By David Peel
I am constantly attending–and occasionally speaking at–legal seminars and symposiums to become more accomplished in my areas of injury law.
I heard about a case that so illustrates the so-called, “Murphy’s Law.” That is our name for the idea that “Anything that can go wrong, will go wrong, and it will happen at the most inopportune time.”
Apparently, a driver of a tractor trailer had been unexpectedly delayed in getting to a business to make his last delivery. As such, by the time the truck was fully unloaded, the driver was “out of hours” under the Federal Regulations that govern how long truck drivers can legally drive.
However, the business owner insisted that he move the truck across the street and out of the business’s parking lot.
The driver refused and explained how much trouble he could get in if he drove in excess of the hours allowed. The business owner insisted and would not wait for the replacement driver to arrive.
Eventually, the business owner’s anger won out, and the truck driver reluctantly agreed to pull the rig across the street. He had driven many miles without any event. He was only being asked to pull the semi across one street. It should be fine, right?
But Murphy’s Law was at work. Guess what happened?
Yep. He struck a car, and seriously injured a family.
The negligent trucking company only had so much insurance to compensate the injured family, so the lawyers for the family looked to see if anyone else to blame where insurance may be found. Some people call this a search for “deep pockets.”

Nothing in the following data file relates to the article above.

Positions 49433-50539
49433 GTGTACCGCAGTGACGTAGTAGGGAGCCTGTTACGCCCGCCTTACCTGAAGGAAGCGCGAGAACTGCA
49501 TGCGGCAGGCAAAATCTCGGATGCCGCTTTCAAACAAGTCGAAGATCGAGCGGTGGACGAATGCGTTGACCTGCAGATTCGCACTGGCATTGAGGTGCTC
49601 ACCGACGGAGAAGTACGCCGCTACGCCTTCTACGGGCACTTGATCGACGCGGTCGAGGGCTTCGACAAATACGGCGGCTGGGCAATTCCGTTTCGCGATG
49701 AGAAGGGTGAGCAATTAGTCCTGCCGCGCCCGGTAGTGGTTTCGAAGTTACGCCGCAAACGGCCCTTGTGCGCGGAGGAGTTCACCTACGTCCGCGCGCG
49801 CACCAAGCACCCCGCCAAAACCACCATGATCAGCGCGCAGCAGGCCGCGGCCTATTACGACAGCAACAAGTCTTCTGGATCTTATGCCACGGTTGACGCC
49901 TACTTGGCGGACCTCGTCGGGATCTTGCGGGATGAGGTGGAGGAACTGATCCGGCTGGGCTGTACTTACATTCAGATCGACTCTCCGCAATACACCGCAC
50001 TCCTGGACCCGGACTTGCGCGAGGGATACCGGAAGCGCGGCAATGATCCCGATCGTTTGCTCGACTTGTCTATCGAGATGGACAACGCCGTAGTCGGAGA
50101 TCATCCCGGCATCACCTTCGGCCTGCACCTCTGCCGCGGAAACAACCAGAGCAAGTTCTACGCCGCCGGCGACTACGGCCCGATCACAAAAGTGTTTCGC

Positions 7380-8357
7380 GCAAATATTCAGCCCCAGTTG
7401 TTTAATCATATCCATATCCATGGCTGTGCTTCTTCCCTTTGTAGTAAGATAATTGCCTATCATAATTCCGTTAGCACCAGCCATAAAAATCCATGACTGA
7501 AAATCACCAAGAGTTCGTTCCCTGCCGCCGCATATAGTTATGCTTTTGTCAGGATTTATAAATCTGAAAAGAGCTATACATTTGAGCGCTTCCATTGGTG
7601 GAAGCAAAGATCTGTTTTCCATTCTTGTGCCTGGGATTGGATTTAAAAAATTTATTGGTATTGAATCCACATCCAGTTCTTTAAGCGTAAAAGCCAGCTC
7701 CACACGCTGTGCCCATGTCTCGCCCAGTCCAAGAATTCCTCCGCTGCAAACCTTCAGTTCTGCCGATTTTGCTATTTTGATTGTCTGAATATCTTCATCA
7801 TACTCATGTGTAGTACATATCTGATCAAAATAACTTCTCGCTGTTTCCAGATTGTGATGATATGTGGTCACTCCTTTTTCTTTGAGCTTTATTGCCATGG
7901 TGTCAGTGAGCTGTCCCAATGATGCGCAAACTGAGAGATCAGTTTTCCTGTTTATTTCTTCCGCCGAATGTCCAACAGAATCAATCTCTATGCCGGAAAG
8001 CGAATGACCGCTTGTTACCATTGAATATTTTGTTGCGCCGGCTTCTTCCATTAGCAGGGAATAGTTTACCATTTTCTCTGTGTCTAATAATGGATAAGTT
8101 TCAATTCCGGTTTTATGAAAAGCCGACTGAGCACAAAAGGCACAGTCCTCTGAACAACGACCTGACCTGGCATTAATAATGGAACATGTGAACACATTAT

They sued the business owner. The defense attorney for the business apparently condescendingly said, “Uh, we have a business, we are not a trucking company, so why, exactly, are you suing us under a trucking violation?”
The lawyers used the FEDERAL MOTOR CARRIER SAFETY REGULATIONS which has a section § 390.13: Aiding or abetting violations. It states, “No person shall aid, abet, encourage, or require a motor carrier or its employees to violate the rules of this chapter.”
There was little question that the business owner encouraged and required this violation. Eventually, the insurance for the business owner also paid the family.
Murphy’s Law is still at work.
Peel seeks justice for those injured in motorcycle, truck and car accidents, disability and medical malpractice. He often addresses churches, clubs and groups without charge. Peel may be reached through PeelLawFirm.com wherein other articles may be accessed.
By David Peel